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The Pacific Coast Models Spitfire XIV. The only accurate Spitfire XIV model currently available.
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Craig Abrahamson said on December 4, 2012
The “…only accurate Spitfire model available…” ? Mr. Tamiya would no doubt beg to differ with that statement, I’m sure (as would a few others).
And you consider the Academy kit(s) to be “d***k” [read: rubbish, dirt, garbage, trash, junk, et al] – I’m sure there are any number of modelers that would vehemently disagree with your assessment.
However, you are entitled to an opinion, however biased or misguided it may be.
Tom Cleaver said on July 27, 2013
Did you fail to notice “Spitfire XIV”?? Tamiya doesn’t do a Spitfire XIV.
Brett Peacock said on December 4, 2012
I’ve built the Academy XIV. Its not a “bad” kit – it’s just not very close to a SpitfireXIV however. You need to replace the entire nose (INCL SPINNER & PROPS) and rudder at the very least, and the cockpit is fairly basic.
Its still miles ahead of the Hobbycraft abortions! At least the Academy kit is well fitting and easy to make, needing only minimal filler.
D***k is somewhat of an overstatement, “rather inaccurate” is closer to the mark. (Oh, and the decals ARE d***k, though!)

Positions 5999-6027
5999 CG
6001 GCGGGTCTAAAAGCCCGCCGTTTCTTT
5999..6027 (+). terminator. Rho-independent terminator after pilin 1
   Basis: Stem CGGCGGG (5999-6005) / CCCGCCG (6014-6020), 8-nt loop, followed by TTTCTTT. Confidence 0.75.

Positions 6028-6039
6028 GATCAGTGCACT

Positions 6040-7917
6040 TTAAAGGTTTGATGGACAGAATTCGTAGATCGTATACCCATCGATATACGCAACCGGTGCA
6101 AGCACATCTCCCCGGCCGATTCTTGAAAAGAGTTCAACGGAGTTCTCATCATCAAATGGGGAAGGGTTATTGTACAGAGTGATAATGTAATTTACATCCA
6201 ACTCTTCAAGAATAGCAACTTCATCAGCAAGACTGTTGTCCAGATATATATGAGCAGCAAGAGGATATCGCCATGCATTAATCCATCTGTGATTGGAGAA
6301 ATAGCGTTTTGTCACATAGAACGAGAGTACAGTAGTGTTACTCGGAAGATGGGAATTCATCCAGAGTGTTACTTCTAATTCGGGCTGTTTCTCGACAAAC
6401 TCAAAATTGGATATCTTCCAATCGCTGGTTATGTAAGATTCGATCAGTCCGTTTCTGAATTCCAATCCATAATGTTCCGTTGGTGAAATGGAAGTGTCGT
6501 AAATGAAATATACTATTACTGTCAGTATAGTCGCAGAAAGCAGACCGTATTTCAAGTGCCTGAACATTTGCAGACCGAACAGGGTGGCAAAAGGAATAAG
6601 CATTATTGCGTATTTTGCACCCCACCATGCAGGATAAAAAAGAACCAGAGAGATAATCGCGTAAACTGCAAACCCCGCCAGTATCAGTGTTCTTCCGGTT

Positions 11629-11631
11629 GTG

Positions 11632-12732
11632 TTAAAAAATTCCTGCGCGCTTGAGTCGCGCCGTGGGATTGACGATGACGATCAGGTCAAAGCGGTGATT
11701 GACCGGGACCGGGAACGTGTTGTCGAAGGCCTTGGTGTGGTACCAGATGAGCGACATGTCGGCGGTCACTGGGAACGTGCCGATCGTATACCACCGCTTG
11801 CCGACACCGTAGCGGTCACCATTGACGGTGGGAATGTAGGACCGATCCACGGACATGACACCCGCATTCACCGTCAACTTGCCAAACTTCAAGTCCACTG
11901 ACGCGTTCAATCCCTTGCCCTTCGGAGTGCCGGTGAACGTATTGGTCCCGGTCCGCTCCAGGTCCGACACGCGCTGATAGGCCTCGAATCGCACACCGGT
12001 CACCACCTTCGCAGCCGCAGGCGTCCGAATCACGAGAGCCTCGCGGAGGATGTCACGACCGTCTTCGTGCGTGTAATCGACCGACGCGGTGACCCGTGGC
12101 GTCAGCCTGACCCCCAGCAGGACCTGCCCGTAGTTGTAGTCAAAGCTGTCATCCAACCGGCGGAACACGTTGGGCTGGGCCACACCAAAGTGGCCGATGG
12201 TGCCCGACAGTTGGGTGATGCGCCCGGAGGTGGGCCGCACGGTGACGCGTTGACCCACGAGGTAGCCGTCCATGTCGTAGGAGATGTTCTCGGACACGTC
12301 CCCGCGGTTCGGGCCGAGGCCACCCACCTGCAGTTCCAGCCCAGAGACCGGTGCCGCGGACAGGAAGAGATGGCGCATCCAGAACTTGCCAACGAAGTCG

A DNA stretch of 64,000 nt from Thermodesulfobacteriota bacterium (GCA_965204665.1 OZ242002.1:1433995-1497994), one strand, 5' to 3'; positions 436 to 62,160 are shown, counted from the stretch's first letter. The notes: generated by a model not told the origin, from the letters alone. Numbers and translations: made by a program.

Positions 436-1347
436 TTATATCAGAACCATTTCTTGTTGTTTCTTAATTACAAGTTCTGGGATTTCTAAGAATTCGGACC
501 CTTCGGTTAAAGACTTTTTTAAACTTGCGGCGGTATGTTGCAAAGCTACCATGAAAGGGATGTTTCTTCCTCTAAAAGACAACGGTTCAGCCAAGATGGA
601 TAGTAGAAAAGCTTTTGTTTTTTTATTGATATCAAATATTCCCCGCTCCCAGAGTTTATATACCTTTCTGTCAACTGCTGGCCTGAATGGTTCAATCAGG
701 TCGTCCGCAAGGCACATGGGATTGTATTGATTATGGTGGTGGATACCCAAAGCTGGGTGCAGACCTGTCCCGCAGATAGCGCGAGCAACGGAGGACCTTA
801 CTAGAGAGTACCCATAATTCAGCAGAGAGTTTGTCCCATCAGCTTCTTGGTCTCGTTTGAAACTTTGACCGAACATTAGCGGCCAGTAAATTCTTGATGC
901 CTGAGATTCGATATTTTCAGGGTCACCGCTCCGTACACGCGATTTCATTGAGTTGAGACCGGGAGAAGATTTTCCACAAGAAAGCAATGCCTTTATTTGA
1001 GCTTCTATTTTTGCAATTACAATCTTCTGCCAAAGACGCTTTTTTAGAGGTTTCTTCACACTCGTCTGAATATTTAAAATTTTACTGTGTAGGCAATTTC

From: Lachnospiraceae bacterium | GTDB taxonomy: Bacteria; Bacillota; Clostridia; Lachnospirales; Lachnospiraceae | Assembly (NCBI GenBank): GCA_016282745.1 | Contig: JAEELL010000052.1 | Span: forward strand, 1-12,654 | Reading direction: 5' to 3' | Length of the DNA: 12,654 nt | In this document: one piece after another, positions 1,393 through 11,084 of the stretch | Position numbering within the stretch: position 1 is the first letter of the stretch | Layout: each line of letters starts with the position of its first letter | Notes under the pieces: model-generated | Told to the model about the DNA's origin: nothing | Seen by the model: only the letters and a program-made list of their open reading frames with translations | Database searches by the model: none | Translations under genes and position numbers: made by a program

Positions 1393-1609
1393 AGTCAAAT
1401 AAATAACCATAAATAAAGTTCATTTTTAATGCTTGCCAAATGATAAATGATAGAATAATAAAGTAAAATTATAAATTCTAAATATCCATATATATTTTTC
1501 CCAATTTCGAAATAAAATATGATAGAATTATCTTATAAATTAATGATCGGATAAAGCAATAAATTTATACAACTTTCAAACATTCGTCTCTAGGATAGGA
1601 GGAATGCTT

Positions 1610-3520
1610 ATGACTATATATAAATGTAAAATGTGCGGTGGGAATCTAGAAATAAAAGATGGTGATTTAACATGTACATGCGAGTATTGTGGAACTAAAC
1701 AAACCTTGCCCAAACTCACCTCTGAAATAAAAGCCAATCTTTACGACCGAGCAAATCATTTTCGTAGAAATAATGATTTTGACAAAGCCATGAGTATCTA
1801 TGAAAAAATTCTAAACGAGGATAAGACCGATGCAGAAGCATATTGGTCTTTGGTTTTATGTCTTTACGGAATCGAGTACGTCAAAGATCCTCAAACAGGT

Dangit! Forgot to say that Mr Cleaver has done a veery nice job on the PCM kit! (I have one in my stash but am awaiting info on why the options are quote”unreliable” – as in some options have inaccurate markings/options.
(eg: Ginger Lacey’s XIV from Burma is a XIVe not and XIVc as in the options) and apparently one of the others has either incorrect dodes or serials, or both,(not sure which- I’m at work right now and haven’t got my kit notes to hand.)
Editor said on December 4, 2012
A credit is due. It’s a good-looking Griffon Spitfire, Tom.
After 40 or so years in modeling, I am of a firm conviction that model accuracy is in the eye of the beholder!
I have been pursuing shape accuracy in my models for many years and was often puzzled by the fact that while some people could see the difference in, say, some curvature, others would definitely not. Scale models are “inaccurate” per definition, things change proportions on their way to become a scale kit. There may be unfortunate choices made done by those who design it, there may be errors in our perception as viewers when our brain is assessing the likeness of the finished model with the real object. It’s no big deal. Any model can be said to be “accurate” or “inaccurate” depending on what you’d like to pick.
I have since considerably lightened my approach to accuracy, even in my own doings. Modeling is fun regardless.